This article is adapted from AQ’s special report on migration
Migration has been an integral part of Latin America, but until recently it was generally a movement out of the region. Throughout the second half of the 20th century and well into the first decade of the 21st, millions of Latin Americans moved to the developed North. But in the last decade, a set of particularly acute displacement crises — especially in Venezuela and Central America — has reversed the trend, with millions of Latin Americans heading to neighboring countries and putting down roots.
More than 4 million Venezuelans have moved to almost every country in the region, with the largest numbers in Colombia, followed by Peru, Chile and Ecuador; another 100,000 Nicaraguans moved to Costa Rica; and tens of thousands (perhaps hundreds of thousands) of Hondurans, Guatemalans and Salvadorans have chosen to stay in Mexico as it becomes harder to move to the United States.
But if migration is a global issue, the picture in Latin America is conspicuously different.
In the rest of the world, displacement crises follow a common template. When people flee their country because of a major conflict, the collapse of state functions or just generalized violence, U.N. agencies move in to assist the countries receiving the migrants. Most of those displaced are officially designated as refugees, and the international community mobilizes to build camps and provide food, shelter and schools for the refugees.
Latin America’s experience couldn’t be more different. Countries in the region have tried to integrate those fleeing their nations into the labor market, the education system and local neighborhoods. With very few exceptions, there are no refugee camps, and most governments have eschewed the use of the term “refugee” in favor of treating those arriving as integral parts of their new host communities. U.N. agencies, international NGOs and development banks are playing an important complementary role, but national governments have taken the helm. And the cost.
How did a region that had limited recent experience with mass immigration flows pivot so quickly to doing this? Some part of this can be explained by cultural affinities and economic ties that are much tighter, though not always uncomplicated, between immediate neighbors.
But the absence of international guidance may well have helped too. By the time U.N. agencies and international donors began to focus on the region, Latin American countries had already created their own template for receiving migrants, and eschewed the idea of granting refugee status in favor of treating the recent arrivals as migrants, developing novel ways to provide them legal status — temporary protections, work-based visas, the use of regional mobility agreements under Mercosur and Unasur, or, more rarely, asylum. Countries used the patchwork of instruments they had created during the early 2000s when migration within the region was still quite low.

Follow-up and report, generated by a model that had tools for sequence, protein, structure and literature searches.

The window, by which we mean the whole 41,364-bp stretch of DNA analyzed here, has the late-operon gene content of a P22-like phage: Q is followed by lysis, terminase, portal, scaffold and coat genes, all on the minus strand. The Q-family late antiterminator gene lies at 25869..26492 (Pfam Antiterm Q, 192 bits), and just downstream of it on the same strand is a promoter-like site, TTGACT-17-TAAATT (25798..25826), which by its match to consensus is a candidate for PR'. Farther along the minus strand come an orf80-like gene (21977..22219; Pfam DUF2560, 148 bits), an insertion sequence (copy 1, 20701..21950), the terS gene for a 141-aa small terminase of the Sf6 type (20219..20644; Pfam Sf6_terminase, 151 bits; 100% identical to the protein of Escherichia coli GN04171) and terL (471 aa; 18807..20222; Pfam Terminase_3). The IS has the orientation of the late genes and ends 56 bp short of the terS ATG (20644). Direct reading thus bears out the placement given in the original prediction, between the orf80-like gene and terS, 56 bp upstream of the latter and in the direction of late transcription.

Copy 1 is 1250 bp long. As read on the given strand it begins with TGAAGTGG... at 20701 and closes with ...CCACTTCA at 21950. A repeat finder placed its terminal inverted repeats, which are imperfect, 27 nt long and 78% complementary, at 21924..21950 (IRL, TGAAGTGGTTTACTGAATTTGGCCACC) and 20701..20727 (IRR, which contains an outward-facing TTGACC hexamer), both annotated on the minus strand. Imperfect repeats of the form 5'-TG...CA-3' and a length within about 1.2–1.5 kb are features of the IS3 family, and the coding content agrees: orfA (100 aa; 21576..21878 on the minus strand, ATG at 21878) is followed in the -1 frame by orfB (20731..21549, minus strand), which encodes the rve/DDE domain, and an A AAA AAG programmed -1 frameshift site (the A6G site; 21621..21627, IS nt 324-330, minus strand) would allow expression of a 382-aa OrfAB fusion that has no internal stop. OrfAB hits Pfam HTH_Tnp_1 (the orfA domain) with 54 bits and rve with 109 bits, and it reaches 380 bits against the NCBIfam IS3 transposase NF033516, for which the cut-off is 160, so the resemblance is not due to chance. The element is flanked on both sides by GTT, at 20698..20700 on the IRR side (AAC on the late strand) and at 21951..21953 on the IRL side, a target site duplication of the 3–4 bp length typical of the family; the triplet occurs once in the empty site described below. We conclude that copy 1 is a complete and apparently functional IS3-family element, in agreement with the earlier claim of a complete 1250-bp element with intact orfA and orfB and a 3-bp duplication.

These measures have been deeply imperfect, of course. Most arriving migrants find work in their new host countries, but it’s generally in the informal economy, even for those with significant skills such as doctors, nurses, engineers, lawyers and teachers. Education is free, but in practice it’s often hard to register a child in school without the right documentation. And most Latin American countries, with the notable exceptions of Costa Rica, Colombia, Brazil, Argentina and Uruguay, had started to make it harder for migrants to enter even before the coronavirus crisis closed borders further. This means a growing irregular population in most countries and a greater reliance on smugglers to move people.
But the lack of international attention cuts both ways. It may well have helped spur local innovation across Latin America, but it also means that countries have largely been left on their own to manage overcrowded schools, hospitals and housing in major migrant-receiving communities, and to figure out how to manage providing legal status and adequate services to a growing immigrant population. Dany Bahar at the Brookings Institution calculates that Latin American countries have received, on average, far less than a tenth of international aid to deal with Venezuelan displacement, compared to what countries around the world received for the Syrian refugee crisis. Before the coronavirus crisis, aid was starting to flow, but still far behind the real needs.
As aid increases, it will be crucial to preserve what has worked well so far, with Latin American countries, rather than international organizations, owning the response. It has not always been perfect, but overall, Latin Americans have adjusted quickly to being nations of immigrants, finding swift, agile and generally inclusive ways of receiving displaced populations. They have shown remarkable flexibility and capacity so far, and the available evidence suggests that their economies are actually benefiting from the influx of new human capital, too.
The international community can help ensure that countries have the tools to remain open and that integration really happens. In other words, it will be vital that both immigrants and host communities benefit from the arrival of displaced neighbors. That will require crucial investments in education, health care and housing, and smart policy decisions around labor markets and human capital for both immigrants and native-born residents.
Selee is the president of the Migration Policy Institute